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10 Jul 2015

Are 3D Printed Houses the Future?

True innovations in the building industry are relatively rare. While architecture slowly changes over the years and building materials come in and out of fashion, there is little to differentiate the buildings of today from those of yesteryear. All of that could be about to change, however, with 3D printed houses about to emerge onto the global market. As architects around the world race to build the first commercial 3D printed house, let’s take a look at why this new technology could shake up the entire building industry.

3D printing offers unparalleled advantages in terms of architectural flexibility and construction times, not to mention costs. Earlier this year in China, a company named WinSun Decoration Design Engineering built ten 3D printed houses in a single day, with each house costing just $US5000 to manufacture. While these houses were admittedly very simple, consisting of just one room, this project achieved what it set out to by capturing the attention of the world.

WinSun have also built a five-storey building, the world’s tallest 3D construction, and a 3D printed mansion for the total cost of $US161,000. WinSun build their constructions using a combination of concrete and recycled materials, with four huge 3D printers used to pipe layers of materials on top of one another. Because everything can be assembled on-site, costs are kept down and construction time is dramatically reduced.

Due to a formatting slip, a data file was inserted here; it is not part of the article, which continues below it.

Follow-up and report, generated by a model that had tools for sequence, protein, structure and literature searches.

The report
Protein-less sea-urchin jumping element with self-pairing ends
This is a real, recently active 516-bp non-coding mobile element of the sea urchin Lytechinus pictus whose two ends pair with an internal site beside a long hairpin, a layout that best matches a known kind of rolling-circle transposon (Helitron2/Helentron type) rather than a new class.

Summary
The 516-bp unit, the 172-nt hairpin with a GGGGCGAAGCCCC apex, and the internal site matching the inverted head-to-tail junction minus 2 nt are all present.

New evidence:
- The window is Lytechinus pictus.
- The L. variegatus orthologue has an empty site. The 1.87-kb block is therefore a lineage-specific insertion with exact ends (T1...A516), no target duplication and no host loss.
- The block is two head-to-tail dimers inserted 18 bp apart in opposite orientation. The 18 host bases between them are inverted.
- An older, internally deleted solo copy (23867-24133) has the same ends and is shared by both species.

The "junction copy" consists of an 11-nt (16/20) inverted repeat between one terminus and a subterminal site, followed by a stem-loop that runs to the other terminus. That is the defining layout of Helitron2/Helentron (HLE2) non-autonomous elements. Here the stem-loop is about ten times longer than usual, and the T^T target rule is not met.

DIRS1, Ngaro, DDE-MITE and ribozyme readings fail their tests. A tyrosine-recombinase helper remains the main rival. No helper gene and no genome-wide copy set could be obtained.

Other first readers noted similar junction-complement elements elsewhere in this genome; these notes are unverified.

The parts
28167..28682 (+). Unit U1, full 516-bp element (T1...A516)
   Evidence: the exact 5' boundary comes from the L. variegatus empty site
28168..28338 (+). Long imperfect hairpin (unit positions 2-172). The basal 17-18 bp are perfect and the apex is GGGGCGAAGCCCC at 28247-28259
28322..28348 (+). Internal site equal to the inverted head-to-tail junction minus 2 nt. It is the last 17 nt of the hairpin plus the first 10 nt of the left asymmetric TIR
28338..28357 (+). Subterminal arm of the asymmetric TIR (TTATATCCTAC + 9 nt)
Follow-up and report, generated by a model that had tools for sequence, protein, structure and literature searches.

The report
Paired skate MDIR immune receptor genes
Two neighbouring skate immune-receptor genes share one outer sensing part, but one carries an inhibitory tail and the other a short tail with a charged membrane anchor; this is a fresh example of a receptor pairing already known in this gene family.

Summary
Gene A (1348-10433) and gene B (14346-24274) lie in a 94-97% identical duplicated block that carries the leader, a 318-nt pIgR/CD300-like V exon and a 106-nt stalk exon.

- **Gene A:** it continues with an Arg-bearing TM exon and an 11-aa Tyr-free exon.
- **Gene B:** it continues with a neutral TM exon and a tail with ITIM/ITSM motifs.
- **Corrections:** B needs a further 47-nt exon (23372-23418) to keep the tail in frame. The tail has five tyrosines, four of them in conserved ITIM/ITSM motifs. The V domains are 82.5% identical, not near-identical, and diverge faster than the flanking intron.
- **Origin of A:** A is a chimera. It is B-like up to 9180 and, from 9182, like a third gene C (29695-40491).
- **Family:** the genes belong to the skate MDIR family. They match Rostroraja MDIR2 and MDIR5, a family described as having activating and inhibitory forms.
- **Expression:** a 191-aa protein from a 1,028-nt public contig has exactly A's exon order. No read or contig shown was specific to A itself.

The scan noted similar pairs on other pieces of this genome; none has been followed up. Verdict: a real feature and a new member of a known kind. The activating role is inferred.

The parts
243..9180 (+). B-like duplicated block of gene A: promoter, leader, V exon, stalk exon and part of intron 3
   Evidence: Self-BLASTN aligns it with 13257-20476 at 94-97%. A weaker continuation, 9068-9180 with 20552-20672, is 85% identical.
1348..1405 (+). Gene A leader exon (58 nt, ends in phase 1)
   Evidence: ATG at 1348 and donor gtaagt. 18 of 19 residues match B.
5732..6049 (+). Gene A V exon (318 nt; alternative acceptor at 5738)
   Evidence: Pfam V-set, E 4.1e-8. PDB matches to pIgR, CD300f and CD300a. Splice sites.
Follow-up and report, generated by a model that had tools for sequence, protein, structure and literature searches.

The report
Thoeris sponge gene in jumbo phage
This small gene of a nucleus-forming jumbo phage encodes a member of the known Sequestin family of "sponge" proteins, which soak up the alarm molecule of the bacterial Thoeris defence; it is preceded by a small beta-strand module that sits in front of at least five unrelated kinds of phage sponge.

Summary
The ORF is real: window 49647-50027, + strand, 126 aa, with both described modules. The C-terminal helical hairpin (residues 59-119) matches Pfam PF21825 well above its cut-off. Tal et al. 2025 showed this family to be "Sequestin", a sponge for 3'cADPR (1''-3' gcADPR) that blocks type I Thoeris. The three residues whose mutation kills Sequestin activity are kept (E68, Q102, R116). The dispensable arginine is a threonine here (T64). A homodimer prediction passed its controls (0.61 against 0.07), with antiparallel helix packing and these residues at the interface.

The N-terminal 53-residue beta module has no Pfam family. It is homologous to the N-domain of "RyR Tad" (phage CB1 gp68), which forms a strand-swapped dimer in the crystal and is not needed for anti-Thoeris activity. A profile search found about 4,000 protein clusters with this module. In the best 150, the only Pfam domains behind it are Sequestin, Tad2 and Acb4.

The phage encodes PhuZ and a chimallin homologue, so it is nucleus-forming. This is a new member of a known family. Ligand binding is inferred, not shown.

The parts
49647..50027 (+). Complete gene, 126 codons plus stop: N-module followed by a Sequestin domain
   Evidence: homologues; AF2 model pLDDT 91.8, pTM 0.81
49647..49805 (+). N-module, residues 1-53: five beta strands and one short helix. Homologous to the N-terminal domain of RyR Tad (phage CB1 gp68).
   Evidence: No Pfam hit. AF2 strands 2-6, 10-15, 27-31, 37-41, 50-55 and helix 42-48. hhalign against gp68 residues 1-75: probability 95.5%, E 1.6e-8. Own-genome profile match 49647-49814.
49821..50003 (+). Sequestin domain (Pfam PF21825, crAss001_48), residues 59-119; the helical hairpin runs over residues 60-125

The Chinese aren't the only ones involved with the 3D building revolution, with a team of architects in Amsterdam just starting to manufacture the 3D Print Canal House. While this project prides itself on using eco-friendly, bio-based materials, “The main goal, I think, is really to deliver custom-made architecture.” says Hedwig Heinsman, co-founder of DUS architects, the team behind the project. President Obama visited the site this year, as excitement builds surrounding the implications of this project.

According to Dr Hank Haeusler, senior architecture lecturer at the University of NSW, 3D printing is definitely on its way: “I think it is definitely going to happen... I think in five to 10 years we will see more and more 3D printed housing construction and nodes." However, Dr Haeusler says the obvious economic advantages of 3D housing will only come into play with mass production: “At the moment it wouldn’t make a contribution to affordable housing because technology has not got to the stage yet where it could be used for mass commercial production.”

While lower costs and faster construction times have been grabbing the headlines, architects are getting even more excited about the unparalleled flexibility that 3D building provides. According to Dr Haeusler, "I think for the bog standard Australian suburban house, I wouldn’t see any point in 3D printing because you can easily go and buy design components such as bricks easily from stores such as Bunnings. But if you want to design and build a house like the Opera House where you couldn't' get the components, then 3D printing becomes an advantage.”